Official name. Canada.
Status. An independent federative state, a member of the Commonwealth, headed by the Queen of GB.
Area. 9,976,000 sq. km (3,851,790 sq. mi).
Population. 30,1 mln
About 40% are people of British origin.
30% are people of French origin.
1% are Indians and Eskimos.
European minorities (Irish, German, Ukrainian, Scandinavian, Italian, Dutch, Polish).
The “Open Door” policy of immigration which began in the 1890s has meant that Canada’s population is varied.
Language. English, French are both official languages. 20% of the population speak only French, while 13% speak both French and English.
Religion. Roman Catholics 46%, Protestants 41%.
Education. Literacy: 99%.
Canada has about 50 universities. Among them are:
New Brunswick (Fredericton, 1785),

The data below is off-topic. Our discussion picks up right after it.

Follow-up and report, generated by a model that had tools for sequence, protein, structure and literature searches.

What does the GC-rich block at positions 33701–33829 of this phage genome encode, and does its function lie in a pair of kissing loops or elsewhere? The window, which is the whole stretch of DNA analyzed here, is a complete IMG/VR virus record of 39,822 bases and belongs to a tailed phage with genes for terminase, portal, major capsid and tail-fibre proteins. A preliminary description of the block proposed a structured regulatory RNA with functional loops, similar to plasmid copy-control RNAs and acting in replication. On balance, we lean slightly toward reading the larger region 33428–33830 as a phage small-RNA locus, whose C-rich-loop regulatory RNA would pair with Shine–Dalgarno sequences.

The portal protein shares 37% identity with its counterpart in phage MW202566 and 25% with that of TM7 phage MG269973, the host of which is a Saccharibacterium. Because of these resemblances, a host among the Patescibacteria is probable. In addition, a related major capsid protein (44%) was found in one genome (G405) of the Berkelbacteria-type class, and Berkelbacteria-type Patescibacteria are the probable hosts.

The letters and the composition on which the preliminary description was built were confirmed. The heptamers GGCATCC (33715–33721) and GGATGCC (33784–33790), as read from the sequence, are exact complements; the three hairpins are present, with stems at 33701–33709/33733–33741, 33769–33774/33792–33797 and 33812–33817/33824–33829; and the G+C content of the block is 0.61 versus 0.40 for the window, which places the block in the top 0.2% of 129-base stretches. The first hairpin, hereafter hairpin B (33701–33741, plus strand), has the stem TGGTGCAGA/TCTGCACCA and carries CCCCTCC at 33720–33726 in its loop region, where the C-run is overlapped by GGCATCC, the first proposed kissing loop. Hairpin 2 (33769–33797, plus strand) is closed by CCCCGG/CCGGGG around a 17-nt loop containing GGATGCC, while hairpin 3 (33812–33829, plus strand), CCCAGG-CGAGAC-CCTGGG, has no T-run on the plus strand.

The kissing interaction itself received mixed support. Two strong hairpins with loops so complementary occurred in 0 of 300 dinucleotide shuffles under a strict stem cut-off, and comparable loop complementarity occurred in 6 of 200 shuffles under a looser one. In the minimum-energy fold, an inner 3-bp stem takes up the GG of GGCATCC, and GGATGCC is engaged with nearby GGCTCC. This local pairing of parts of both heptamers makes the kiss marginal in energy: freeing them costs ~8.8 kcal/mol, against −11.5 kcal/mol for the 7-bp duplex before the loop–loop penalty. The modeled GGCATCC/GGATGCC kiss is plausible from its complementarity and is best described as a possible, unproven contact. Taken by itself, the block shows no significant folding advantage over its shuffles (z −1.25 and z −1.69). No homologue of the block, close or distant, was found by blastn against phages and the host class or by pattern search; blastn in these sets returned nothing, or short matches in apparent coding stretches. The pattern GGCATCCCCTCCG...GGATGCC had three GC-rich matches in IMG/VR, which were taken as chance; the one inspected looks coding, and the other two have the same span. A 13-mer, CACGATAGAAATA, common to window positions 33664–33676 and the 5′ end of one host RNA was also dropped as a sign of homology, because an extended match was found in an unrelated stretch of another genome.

Dalhousie (Halifax, 1818),
McGill (Montreal, 1821),
Laval (Quebec, 1852) – French language university,
Montreal (1876) – French language university.
Capital. Ottawa (920,800).
Is situated in the north of North America continent.
Is the 2nd world’s largest country.
Is bordered by the USA.
Its only neighbour is the USA.
Is washed by the Arctic Ocean in the North, by the Atlantic Ocean in the East, by the Pacific Ocean in the West.
Is about 7,730 km from east to west.
Shares with the USA 7 of the world’s largest lakes.
Contains 3 of the globe’s longest 20 rivers.
Is blessed with the most fresh water of any country.
Canada can be divided into 7 geographic regions:
The Appalachian Region, the far eastern area (Newfoundland, Prince Edward Island, Nova Scotia, New Brunswick, the part of Quebec south of the St. Lawrence River), is hilly and wooded.
The St. Lawrence – Great Lakes Lowland (between Quebec City and Windsor, Ontario) includes most of the country’s large cities and towns. Half (1/2) of Canada’s people live here.
The Hudson Bay and Arctic Lowlands. This land is mainly flat, bog, little inhabited.